In government, cocolisap belongs in the jurisdiction of the Philippine Coconut Authority (PCA). This agency is under Atty. Francisco Pangilinan, the new Presidential Assistant on Food Security and Agricultural Modernization.
Last week, it was reported that a budget of Php 400 million has been allocated by the government for the control of cocolisap.
So far, reports have it that some kind of insecticides have been injected on coconut trunks and sprayed on leaves. However, farmers have reported no abatement on the damage done by cocolisap.
Infestation of coconut trees in Basilan has been due to a mistake in quarantine. Seedlings from CALABARZON were used to replace old coconuts in Basilan bringing in cocolisap, according to a farmer in Basilan in a television interview. .
How to solve the problem of cocolisap?
Firstly, determination on the part of government and coconut farmers. Secondly, application of correct control agent against cocolisap. Thirdly, use of control agent that is not harmful to man, farm animals, honey bee, fish and pets.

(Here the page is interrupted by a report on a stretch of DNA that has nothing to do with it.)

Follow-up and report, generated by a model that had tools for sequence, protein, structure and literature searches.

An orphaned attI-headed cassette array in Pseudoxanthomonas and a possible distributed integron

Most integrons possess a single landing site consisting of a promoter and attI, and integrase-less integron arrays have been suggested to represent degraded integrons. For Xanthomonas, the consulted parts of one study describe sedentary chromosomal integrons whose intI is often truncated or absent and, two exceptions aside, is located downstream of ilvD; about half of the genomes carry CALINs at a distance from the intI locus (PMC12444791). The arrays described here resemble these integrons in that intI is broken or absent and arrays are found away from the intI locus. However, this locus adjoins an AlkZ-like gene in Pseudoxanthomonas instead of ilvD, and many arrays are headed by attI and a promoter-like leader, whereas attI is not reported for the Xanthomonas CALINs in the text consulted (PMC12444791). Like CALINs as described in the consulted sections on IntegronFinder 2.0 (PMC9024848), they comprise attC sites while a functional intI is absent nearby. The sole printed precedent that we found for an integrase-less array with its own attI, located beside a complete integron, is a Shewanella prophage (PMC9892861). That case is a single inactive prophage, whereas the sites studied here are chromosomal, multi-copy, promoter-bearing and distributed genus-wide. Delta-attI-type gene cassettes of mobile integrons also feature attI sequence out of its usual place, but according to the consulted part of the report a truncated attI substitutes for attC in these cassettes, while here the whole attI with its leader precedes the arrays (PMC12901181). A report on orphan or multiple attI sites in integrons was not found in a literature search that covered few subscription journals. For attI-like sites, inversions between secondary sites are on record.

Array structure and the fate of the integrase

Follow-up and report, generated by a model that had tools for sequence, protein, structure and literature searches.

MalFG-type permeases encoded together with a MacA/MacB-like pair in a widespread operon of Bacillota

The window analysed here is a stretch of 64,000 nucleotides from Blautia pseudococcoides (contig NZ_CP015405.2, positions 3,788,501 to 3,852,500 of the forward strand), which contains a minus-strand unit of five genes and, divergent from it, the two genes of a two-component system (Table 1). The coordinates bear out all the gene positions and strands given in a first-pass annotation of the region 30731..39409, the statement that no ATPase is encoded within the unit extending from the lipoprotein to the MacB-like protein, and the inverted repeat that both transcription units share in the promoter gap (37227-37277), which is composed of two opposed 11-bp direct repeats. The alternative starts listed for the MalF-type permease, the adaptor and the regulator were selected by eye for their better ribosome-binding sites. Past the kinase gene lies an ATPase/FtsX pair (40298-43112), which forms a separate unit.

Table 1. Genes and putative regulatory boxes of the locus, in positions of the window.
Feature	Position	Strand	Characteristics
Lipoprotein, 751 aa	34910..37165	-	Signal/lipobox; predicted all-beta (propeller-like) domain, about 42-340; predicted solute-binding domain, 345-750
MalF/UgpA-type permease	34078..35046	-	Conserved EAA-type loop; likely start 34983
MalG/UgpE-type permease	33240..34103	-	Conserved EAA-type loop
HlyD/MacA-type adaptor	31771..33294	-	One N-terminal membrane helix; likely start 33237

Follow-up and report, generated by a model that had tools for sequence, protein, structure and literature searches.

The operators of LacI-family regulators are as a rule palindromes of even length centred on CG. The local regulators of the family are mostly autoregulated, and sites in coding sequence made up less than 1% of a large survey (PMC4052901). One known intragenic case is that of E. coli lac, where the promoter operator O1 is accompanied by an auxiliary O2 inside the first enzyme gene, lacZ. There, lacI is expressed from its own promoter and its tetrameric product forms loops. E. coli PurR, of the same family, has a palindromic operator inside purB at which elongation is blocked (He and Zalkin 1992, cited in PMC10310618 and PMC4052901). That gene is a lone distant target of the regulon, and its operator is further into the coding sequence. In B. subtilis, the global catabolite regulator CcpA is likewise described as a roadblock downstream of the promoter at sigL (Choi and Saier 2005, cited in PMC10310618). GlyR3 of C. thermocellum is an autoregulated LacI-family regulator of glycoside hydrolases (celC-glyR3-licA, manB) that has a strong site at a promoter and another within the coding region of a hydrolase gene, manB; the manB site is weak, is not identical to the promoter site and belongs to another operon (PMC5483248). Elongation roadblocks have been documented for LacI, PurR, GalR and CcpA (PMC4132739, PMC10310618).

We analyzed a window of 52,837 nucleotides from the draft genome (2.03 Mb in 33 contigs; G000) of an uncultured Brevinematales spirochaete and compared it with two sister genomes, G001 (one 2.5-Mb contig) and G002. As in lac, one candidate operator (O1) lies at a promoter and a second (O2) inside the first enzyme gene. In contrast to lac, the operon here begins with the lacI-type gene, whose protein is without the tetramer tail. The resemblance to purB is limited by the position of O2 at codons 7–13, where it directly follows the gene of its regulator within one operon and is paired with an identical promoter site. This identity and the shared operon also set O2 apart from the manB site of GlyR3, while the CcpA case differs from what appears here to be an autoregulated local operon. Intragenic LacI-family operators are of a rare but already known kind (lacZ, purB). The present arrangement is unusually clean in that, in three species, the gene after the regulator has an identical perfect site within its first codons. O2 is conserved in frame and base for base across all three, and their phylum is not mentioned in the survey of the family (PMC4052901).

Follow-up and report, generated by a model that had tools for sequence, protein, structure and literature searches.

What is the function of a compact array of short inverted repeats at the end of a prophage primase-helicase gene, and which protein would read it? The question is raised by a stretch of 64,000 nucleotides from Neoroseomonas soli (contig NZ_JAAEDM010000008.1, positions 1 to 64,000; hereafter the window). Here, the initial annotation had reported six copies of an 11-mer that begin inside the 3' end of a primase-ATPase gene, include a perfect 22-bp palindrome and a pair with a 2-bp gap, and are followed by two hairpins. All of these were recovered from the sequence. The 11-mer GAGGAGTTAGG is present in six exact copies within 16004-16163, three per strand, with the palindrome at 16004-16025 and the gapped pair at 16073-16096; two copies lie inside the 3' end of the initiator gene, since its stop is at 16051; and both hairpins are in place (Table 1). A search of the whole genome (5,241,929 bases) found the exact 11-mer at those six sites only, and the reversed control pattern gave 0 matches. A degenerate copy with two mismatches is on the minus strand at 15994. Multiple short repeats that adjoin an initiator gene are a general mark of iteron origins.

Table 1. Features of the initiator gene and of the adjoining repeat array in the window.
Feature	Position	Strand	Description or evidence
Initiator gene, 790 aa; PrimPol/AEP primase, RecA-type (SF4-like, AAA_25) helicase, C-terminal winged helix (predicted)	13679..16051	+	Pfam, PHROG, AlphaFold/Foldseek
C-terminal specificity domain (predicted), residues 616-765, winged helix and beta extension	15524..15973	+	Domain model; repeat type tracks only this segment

The allocation of a big budget, Php 400 million, by the government makes the government appear determined to eradicate cocolisap.
There seems to be no doubt that coconut farmers are determined to eradicate the insect pest.
Consumers of coconut products are raring to participate in the extermination drive. For example, bakers of buko pie in Los Baños, Laguna and vicinity have felt the brunt of lack of young coconut fruit or buko. The buko pie industry is threatened.